The OLHB is a periodic report on local history relating to Otley in West Yorkshire. All entries are based on extensive private research files of the contributors.
Looking back at the shockingly ruinous state of Otley's nineteenth century Mechanic's Institute, one might assume that the twenty-first century community could not care less about its future.
A chippy tea was always cheap, though less so today. This article details Otley's fish and chip shops. Fish would be bought in Leeds then delivered by steam train to Otley Station to be fried in the town's many fish and chip shops.
Part V, the final part of our 'Custom, folklore and magic' series draws the key themes together and asks what future generations would make of the hundreds of padlock keys littering the bed of the Wharfe alongside the bridge. Where a rich customary life offers meaning, celebration and pleasure, benefit is plain to see regardless… Continue reading Customary conclusions →
Part IV of our series on 'Custom, folklore and magic' enters the realm of Satan through the haunted Fairfax family in the Washburn and shows how animals have been used as demonic signs for generations. by Paul Wood, January 2023 Fantastic beasts, representing good and evil, appear throughout history and Otley's early iconography is no… Continue reading Animal magic →
Part III of our 'Custom, folklore and magic' series looks at local sporting customs, though whether Dalby F. Russell's riverine activities should be classed as customary or simply insane is debatable.
Disordered eye? Call on the eye-licker. Disloyal republicans? Sting them with nettles in support of Charles II. How was the unruly mob managed by custom in Otley? This article details the customary ways.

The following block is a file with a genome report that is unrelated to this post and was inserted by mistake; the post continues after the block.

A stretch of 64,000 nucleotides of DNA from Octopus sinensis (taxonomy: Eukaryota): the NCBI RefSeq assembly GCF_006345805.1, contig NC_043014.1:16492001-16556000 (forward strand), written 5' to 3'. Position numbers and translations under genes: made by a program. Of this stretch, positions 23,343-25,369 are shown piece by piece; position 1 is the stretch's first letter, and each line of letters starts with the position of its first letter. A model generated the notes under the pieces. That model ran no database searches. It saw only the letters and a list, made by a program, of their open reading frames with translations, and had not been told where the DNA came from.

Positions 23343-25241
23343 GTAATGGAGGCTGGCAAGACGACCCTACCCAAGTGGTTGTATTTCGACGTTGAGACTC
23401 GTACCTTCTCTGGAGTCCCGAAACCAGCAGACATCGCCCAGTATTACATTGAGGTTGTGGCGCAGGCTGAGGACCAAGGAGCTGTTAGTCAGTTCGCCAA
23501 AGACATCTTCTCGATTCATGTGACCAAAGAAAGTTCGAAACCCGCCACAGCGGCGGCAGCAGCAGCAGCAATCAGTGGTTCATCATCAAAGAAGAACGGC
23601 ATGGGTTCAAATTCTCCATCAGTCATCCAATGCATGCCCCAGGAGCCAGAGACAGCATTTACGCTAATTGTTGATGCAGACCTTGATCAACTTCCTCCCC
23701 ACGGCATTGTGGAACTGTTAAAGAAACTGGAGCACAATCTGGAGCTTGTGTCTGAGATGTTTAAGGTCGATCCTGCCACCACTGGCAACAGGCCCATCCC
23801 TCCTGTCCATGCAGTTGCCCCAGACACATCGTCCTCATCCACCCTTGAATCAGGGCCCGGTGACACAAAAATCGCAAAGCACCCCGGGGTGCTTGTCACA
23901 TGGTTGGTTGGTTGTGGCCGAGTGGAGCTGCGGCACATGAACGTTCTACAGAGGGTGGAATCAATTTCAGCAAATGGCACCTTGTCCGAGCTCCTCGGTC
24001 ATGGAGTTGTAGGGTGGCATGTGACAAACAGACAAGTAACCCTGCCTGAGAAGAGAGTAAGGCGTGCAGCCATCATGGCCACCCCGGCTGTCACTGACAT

Part I of our 'Custom, folklore and magic' series looks at how the Church was a focus for all three elements, from funeral customs to Martinmas wraiths and witch bottles.
The mysterious, outlandish or downright strange customs of local towns are often deliberately left out of serious discourse. What were Otley's odd rituals and manners now lost to history? This article introduces the subject.
There is no shortage of drunken tales from Otley's pubs, but a less bilious history might be found in the story of the town's Temperance movement. This article details the fight against 'moral dissolution' and the demon drink.
Ashfield Place was built by the 'Otley & Wharfedale Permanent Investment & Benefit Building Society' in 1851. This building club of 12 members included joiner, mechanic and musical instrument maker. This article details the expansion.